On Tuesday, May 21st, Police officers raided a Marie Stopes Clinic in Lagos, harassed the health workers and patients and took away confidential client information. Marie Stopes offers free and affordable family planning services to women and men, pregnancy tests, pre- and post-natal care, treatment and services for sexually transmitted infections (STI), HIV testing and ultrasound and laboratory services. They have trained staff who offer counselling and treatment especially to those who cannot afford the costs at private hospitals. To raid a centre that provides such services is sending a message to women and girls as well as men and boys that they are not safe in health centres and that they don’t deserve access to quality health services without fear or judgement.
This is happening in a country that contributes 10% to the global burden of maternal deaths ranking fourth after Sierra Leone, Chad and the Central African Republic. Safe spaces where women can access confidential and non-judgemental sexual and reproductive health services are vital and we don’t have enough of them to reduce the risk of maternal deaths. Just before the raid in Lagos yesterday, the Minister of Health was testifying before the Nigerian Senate about the overburdened health system, the deplorable state of General Hospitals in the country and the need to revitalize the tertiary and primary health care system in Nigeria. Women and girls are dying from preventable deaths because of lack of access to quality sexual and reproductive health services.
Recently released NDHS 2018 data state: “Unmet need for family planning declined from 20% in 2008 to 16% in 2013 before increasing to 19% in 2018.” Family planning is the conscious choice by people to limit or space the number of children they have through the use of contraception. And 19% of married women in Nigeria have an unmet need for family planning services, according to the survey. Marie Stopes shouldn’t be punished for offering a spectrum of services, including family planning, to those who need and want it, especially women, married and unmarried.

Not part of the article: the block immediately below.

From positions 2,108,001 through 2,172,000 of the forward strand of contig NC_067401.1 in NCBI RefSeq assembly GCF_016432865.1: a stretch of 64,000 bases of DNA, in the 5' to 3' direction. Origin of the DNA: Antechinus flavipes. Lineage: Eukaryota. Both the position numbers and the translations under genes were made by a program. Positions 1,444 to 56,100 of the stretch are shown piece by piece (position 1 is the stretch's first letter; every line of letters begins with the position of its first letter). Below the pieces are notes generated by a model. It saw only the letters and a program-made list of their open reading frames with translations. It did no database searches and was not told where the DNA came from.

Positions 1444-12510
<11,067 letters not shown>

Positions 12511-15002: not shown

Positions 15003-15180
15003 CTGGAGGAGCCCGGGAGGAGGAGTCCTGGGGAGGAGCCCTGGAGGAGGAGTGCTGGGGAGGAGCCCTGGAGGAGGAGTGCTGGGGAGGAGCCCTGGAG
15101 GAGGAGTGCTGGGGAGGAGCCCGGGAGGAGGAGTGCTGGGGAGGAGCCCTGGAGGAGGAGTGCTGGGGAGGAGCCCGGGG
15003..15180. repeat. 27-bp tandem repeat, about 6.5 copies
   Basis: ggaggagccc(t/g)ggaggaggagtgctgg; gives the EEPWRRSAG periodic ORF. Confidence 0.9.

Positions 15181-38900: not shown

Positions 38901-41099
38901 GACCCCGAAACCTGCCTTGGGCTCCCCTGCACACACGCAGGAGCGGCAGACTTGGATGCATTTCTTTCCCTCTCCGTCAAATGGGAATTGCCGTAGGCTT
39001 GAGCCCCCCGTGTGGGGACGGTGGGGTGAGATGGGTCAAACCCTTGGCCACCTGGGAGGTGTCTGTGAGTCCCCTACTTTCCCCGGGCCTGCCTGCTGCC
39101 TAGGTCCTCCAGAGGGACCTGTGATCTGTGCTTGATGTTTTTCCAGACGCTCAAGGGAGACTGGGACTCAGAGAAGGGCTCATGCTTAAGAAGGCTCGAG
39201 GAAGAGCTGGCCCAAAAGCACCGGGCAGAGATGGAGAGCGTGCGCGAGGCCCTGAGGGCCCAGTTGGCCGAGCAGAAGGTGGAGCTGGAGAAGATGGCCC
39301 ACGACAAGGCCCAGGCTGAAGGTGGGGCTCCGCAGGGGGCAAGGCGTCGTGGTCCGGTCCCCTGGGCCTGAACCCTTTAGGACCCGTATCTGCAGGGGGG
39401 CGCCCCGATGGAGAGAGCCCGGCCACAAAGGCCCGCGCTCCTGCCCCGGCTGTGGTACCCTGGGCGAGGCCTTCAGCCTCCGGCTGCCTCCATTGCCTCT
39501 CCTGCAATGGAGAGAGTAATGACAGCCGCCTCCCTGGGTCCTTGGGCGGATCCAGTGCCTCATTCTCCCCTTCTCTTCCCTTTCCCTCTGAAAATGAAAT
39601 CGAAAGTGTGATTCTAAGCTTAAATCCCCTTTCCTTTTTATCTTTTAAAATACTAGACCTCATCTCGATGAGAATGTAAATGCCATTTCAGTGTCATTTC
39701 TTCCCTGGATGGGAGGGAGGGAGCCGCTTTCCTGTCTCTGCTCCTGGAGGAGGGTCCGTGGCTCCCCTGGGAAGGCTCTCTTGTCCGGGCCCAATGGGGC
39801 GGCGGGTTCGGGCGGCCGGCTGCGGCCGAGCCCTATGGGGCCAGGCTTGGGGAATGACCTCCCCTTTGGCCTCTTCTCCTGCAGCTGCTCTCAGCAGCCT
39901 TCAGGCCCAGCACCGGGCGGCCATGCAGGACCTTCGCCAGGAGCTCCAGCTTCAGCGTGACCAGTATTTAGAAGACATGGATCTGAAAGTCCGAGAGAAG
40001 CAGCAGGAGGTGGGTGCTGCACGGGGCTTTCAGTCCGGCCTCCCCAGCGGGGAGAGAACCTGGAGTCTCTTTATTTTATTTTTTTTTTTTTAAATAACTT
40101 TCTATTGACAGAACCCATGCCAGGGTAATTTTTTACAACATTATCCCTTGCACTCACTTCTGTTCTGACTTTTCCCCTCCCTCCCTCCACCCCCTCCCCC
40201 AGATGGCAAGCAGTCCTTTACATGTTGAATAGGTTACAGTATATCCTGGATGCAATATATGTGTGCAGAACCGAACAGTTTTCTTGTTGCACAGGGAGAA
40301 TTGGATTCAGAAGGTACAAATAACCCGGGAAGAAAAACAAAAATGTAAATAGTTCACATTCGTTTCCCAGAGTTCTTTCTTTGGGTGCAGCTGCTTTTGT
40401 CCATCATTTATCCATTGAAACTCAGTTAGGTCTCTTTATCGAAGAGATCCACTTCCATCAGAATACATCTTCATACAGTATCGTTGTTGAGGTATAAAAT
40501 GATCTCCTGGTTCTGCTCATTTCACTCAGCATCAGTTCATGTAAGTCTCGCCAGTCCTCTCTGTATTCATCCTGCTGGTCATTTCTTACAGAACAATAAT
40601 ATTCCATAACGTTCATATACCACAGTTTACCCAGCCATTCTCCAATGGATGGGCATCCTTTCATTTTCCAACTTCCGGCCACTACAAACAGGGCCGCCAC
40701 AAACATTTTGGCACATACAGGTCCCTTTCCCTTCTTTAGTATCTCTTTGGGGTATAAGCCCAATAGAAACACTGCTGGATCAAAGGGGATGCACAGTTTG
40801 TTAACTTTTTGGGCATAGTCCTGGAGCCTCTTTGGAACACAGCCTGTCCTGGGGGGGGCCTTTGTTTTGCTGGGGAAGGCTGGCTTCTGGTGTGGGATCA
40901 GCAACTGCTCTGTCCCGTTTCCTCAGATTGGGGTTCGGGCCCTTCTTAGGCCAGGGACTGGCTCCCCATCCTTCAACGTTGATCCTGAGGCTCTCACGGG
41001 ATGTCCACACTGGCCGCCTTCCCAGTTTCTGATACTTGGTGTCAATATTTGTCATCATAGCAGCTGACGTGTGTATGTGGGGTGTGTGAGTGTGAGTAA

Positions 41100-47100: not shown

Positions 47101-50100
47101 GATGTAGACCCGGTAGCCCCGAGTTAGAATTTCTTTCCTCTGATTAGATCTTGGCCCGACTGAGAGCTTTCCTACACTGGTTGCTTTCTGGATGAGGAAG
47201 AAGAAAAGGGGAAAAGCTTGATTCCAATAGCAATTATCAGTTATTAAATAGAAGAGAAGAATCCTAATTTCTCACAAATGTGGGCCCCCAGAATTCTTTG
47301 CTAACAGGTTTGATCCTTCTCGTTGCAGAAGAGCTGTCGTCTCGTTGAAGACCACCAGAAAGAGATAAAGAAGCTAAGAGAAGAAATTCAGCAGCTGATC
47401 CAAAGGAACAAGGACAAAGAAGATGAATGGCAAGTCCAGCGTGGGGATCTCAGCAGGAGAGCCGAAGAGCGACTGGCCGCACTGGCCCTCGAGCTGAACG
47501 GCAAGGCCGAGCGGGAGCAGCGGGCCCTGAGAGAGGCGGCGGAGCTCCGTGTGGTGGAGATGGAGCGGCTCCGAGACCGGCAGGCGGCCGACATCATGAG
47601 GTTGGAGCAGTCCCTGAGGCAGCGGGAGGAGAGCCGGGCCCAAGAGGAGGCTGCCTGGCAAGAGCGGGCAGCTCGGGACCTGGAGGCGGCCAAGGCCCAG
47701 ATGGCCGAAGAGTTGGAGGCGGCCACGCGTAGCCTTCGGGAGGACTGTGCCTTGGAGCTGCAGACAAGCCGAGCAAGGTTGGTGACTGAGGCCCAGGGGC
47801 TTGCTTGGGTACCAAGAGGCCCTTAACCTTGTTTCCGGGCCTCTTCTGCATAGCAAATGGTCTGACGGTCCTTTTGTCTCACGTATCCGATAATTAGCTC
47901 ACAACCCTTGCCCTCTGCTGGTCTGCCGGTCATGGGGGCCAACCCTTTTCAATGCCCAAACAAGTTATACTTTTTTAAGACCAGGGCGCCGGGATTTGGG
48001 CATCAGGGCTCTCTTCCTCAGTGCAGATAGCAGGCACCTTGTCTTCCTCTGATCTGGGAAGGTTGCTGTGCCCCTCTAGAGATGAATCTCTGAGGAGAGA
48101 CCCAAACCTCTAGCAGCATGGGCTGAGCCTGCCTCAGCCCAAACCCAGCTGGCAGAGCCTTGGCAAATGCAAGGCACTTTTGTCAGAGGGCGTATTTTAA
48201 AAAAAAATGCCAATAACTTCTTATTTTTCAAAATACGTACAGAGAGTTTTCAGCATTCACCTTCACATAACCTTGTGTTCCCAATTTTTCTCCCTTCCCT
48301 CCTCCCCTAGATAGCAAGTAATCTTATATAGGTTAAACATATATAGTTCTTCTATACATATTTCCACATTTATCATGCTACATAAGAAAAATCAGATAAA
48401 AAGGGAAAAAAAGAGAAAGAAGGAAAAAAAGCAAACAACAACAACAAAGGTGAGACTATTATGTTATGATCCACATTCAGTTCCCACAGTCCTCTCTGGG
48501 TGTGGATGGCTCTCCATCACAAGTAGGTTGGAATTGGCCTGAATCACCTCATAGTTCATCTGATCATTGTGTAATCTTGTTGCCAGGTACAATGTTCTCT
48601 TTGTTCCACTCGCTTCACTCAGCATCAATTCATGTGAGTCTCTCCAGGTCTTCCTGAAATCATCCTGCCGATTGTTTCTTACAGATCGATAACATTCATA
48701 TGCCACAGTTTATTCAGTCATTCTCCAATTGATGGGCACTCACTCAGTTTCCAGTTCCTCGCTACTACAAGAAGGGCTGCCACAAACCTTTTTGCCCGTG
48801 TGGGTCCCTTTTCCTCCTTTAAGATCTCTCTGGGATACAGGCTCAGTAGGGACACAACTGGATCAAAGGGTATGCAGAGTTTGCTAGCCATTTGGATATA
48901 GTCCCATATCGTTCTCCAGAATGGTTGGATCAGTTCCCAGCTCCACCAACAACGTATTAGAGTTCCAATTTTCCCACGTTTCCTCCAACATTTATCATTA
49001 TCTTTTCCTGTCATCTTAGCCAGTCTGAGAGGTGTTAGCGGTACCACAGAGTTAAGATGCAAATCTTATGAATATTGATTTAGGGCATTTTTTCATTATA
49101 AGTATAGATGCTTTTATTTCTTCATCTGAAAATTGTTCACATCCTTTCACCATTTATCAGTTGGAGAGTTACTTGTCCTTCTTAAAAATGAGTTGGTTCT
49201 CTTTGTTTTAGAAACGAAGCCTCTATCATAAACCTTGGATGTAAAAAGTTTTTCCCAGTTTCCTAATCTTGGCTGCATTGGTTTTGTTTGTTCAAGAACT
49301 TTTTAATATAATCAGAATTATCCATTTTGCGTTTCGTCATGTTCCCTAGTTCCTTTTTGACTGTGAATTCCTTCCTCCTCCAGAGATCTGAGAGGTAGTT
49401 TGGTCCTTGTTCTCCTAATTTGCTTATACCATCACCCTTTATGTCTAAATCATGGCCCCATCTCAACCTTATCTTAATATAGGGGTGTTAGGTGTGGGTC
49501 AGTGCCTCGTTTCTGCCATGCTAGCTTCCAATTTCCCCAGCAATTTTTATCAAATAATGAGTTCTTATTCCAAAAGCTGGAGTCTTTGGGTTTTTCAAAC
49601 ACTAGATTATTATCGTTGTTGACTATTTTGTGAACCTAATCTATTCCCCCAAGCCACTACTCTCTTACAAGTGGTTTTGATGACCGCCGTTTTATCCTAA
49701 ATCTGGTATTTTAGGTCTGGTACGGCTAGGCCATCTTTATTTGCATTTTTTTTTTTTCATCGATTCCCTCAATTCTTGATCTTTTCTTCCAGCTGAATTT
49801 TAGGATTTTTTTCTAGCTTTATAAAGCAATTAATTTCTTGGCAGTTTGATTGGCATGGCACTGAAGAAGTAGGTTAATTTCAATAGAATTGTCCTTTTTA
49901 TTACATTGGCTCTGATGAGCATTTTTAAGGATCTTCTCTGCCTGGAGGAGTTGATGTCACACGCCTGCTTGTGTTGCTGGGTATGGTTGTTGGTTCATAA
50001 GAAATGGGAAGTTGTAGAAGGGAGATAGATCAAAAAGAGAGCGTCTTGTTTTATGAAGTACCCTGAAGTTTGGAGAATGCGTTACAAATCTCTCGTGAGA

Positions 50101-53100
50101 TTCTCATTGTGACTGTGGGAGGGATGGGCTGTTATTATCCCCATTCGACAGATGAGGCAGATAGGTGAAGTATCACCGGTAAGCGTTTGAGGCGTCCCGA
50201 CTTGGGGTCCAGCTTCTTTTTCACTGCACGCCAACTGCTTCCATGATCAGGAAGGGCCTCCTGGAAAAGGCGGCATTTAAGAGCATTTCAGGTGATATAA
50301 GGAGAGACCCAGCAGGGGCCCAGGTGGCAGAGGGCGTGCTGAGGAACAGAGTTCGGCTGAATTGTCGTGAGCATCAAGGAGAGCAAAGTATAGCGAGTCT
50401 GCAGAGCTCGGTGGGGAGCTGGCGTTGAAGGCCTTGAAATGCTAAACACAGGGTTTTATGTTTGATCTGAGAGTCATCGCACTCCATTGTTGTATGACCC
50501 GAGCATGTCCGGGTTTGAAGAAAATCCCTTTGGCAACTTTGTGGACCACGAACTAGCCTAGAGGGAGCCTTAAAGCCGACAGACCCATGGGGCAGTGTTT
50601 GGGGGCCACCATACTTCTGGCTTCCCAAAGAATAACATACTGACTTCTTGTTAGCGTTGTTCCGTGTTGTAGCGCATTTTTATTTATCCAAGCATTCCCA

The work being done by organisations like Marie Stopes is necessary to dispel myths, provide counselling on the right modern method of birth control and help women and men space their children. The National Strategic Health Development Plan 2018 – 2022 recognizes the importance of this work, which is why one of its pillars is to “Promote universal access to comprehensive quality sexual and reproductive health services throughout the life cycle and reduce maternal, neonatal, child and adolescent morbidity and mortality in Nigeria.”
Marie Stopes’ work is supporting the government in making sure Nigeria can achieve the targets to reduce morbidity and mortality, which means improving the health and wellbeing of women and girls in Nigeria. We should be celebrating their efforts, not intimidating them.
Ten percent (10%) of maternal deaths in Nigeria is due to unsafe abortion. Access to safe abortion is restricted in Nigeria, and can only take place in circumstances where a woman’s life is at risk. Even though safe abortion services are restricted, access to post-abortion care (a service for women and girls who have medical complication as a result of unsafe abortion) is not restricted. Nigerian laws and policies uphold women and girls’ rights to post-abortion services, a much needed service that Marie Stopes provides. Services providers who are implementing these policies and guidelines should not be subjected to harassment and intimidation for performing their jobs. These healthcare workers are providing care and saving lives; actions that should be praised and promoted.
These efforts to demonize and block access to legal services are being funded in Nigeria by a Spanish organisation called CitizenGO. CitizenGo is a partner to an SPLC designated hate group World Congress of Families and the city of Madrid has banned their activities calling their campaigns hate based. CitizenGo and its extremist partners have been organising trainings in Nigeria and Kenya within the past 18 months, trying to block women’s access to critical healthcare. They should not be allowed to instigate the harassment of women making informed choices about their health, and health workers who are provided life-affirming services. They are an intolerant group and they are bringing their hate mongering to Nigeria.
This group has set-up camp in Nigeria and are propagating false and unfounded sensational narratives in places like Enugu, Imo, and Nairobi under the guise of religious and moral obligations. They must not be allowed to instigate hate and oppression in Nigeria and the rest of Africa. This is a coordinated attack on the rights of women, girls, and marginalized persons and we must say NO to their oppressive tactics.
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